US accepts Iranian offer for talks on nuclear issue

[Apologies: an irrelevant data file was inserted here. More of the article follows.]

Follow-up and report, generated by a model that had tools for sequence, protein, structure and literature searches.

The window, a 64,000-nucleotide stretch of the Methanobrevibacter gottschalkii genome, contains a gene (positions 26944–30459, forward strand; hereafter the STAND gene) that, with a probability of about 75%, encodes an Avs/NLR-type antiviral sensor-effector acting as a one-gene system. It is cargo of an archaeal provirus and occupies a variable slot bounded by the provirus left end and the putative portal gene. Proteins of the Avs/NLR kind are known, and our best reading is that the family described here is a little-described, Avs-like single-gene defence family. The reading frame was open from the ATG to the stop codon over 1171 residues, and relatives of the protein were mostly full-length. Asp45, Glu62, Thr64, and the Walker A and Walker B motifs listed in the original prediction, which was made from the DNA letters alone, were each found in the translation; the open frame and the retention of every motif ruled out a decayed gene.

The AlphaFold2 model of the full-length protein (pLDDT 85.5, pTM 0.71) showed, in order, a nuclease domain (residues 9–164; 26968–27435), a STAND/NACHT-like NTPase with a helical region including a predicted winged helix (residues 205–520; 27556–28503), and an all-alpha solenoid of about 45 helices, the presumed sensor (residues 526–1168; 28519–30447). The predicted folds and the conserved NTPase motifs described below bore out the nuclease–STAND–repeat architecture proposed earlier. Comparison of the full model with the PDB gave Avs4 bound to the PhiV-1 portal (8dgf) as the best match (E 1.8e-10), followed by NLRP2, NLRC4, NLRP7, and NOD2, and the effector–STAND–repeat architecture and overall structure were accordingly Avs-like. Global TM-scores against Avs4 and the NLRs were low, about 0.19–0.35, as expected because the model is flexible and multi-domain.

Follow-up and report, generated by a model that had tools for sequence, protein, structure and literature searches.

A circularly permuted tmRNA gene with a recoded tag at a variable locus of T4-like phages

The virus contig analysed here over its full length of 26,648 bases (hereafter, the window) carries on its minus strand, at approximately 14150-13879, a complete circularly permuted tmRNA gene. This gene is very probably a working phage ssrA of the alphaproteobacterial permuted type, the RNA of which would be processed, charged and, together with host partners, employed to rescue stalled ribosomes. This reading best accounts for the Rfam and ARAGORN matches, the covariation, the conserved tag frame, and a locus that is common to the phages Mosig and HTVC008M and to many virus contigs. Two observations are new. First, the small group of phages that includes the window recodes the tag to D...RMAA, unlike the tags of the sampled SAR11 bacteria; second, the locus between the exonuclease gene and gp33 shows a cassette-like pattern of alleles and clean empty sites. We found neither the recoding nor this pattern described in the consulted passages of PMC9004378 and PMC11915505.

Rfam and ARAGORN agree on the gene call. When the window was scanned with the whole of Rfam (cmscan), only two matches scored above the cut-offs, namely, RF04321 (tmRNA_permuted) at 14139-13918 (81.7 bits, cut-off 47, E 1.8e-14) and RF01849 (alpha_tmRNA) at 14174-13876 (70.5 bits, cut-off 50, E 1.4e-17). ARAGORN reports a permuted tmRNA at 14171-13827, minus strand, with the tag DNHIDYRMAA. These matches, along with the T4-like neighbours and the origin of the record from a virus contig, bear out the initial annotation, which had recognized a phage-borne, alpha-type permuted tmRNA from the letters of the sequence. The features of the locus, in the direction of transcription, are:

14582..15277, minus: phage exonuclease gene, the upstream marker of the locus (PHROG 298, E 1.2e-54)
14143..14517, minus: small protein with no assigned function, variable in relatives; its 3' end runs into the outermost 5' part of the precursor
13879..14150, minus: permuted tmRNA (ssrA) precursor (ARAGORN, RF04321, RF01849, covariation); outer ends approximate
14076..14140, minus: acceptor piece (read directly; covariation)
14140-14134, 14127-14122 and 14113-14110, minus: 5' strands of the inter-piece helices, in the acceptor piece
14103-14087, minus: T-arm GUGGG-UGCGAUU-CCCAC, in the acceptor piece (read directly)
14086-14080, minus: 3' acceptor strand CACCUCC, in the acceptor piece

The United States has accepted Iran's proposal to hold talks, despite the Islamic republic announcing that it would not bring its future nuclear programs on the discussions table. The decision to engage directly with Iran would put a senior representative of the Obama administration at the bargaining table, along with emissaries from five other nations, for the first time since Obama took office, the New York Times reports. The decision is bound to raise protests from conservatives and human rights groups. Earlier on Friday, senior administration officials said that their expectations from the talks were extremely low. "We'll be looking to see if they are willing to engage seriously on these issues. If we have talks, we will plan to bring up the nuclear issue," paper quoted US State Department spokesman Philip J. Crowley, as saying. They added that the United States could make a case for imposing far stronger sanctions on Iran if diplomatic engagements fail. Britain, France, Russia, China and Germany are going to be present on the discussion table, who in the past have negotiated with Iran even without the presence of an American representative. Iran made its offer to meet in a five-page letter delivered to several nations on Wednesday. But the letter said nothing about Iran's nuclear program. However, this week Iranian President Mahmoud Ahmadinejad vowed never to halt the fuel production. Within less than 48 hours the Obama administration said they would consider the offer to meet. Even though it is unclear who will represent the US on the discussion table, but most probably William J. Burns, the under secretary of state for political affairs, will lead America. Earlier, Burns was quoted as saying that the Obama administration had begun preparing sanctions against Iran, so that it would be ready to implement them at the end of the year.

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